Oil prolongs crisis as Europe softens Russian sanctions proposals

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© Photographer: Daniel Acker/Bloom
Oil storage tanks in Cushing, Oklahoma. Photographer: Daniel Acker/Bloomberg

Oil extended its steepest decline in more than five weeks after the European Union eased its proposed sanctions on Russian crude exports and concerns over economic growth weighed on sentiment.

West Texas Intermediate futures fell below $102 a barrel in Asian trading after falling about 6% on Monday. The bloc will drop a proposal to ban EU-owned vessels carrying Russian crude after objections from members including Greece. Talks on a sixth sanctions package continue.

Central banks have tightened monetary policy to contain inflation that has been stoked by Russia’s war in Ukraine, and investors will watch the U.S. consumer price index for April closely on Wednesday. The Bloomberg Commodity Spot Index – which tracks 23 energy, metals and crop futures – fell 4.3% on Monday, the biggest drop since early March.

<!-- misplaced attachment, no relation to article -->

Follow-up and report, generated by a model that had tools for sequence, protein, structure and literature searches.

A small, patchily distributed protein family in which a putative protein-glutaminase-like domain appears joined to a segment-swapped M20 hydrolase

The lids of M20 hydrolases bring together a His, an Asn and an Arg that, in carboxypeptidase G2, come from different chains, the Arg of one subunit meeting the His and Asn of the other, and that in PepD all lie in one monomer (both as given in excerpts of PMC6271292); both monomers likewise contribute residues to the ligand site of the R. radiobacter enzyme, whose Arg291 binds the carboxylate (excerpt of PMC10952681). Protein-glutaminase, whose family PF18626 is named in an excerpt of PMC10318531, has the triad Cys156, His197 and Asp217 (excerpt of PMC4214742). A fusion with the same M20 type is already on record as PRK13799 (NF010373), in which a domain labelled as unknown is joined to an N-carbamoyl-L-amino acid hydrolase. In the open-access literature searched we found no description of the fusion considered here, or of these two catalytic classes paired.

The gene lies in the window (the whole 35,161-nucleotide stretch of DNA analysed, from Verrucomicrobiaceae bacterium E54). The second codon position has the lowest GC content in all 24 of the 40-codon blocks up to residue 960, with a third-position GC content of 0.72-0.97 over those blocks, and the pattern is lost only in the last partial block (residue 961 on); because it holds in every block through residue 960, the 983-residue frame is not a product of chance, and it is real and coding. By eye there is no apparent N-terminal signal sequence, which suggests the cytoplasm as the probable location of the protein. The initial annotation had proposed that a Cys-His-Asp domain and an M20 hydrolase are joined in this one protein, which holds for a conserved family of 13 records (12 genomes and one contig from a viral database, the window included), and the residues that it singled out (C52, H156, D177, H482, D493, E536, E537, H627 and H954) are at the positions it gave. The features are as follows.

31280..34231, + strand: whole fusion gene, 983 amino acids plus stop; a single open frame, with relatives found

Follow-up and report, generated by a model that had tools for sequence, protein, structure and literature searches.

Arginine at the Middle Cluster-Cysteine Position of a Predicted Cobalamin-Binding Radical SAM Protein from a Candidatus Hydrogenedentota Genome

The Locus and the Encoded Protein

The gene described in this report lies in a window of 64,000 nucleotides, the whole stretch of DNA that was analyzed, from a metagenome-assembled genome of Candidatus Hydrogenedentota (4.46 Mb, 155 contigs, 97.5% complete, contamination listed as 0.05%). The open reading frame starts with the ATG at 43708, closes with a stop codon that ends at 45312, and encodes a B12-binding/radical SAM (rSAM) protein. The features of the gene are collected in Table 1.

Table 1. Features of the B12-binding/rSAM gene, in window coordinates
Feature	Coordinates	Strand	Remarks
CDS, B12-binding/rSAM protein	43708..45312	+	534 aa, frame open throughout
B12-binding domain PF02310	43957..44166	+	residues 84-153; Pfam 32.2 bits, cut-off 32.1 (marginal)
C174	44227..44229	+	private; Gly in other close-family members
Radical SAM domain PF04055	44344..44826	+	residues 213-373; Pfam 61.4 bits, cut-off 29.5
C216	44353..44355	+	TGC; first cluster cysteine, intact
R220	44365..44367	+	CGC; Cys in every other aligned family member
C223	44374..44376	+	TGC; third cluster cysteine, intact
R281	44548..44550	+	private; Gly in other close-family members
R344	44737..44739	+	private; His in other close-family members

The oil market has been gripped by a period of trading volatility since Russia invaded Ukraine in late February. The US and UK have already moved to ban oil imports from the OPEC+ producer, while the EU seeks to overcome objections to similar moves from Hungary. Some progress has been made, the Hungarian foreign minister said after recent talks.

“Oil has not been able to escape the broader shift in risk aversion that we’ve seen across all markets,” said Warren Patterson, head of commodities strategy for ING Groep, based in London. Singapore. “The Hungarian opposition suggests that we could see further easing of the proposed sanctions.”

Prices

  • WTI for June delivery fell 1.3% to $101.80 a barrel on the New York Mercantile Exchange at 12:02 p.m. in Singapore. Futures fell 6.1% on Monday.
  • Brent for July settlement fell 1.3% to $104.61 a barrel on the ICE Futures Europe exchange after falling 5.7% on Monday.

A stubborn resurgence of Covid-19 in China has further added to the volatility. Virus lockdowns have strained the economy, while Chinese Premier Li Keqiang warned of a ‘complicated and serious’ employment situation as Beijing and Shanghai tightened restrictions in a bid to contain The epidemics.

Brent remains in a bullish backwardation pattern, where contracts close to the date are more expensive than later contracts. The fast time frame for the benchmark was $1.37 backward, down from $1.24 a week ago.

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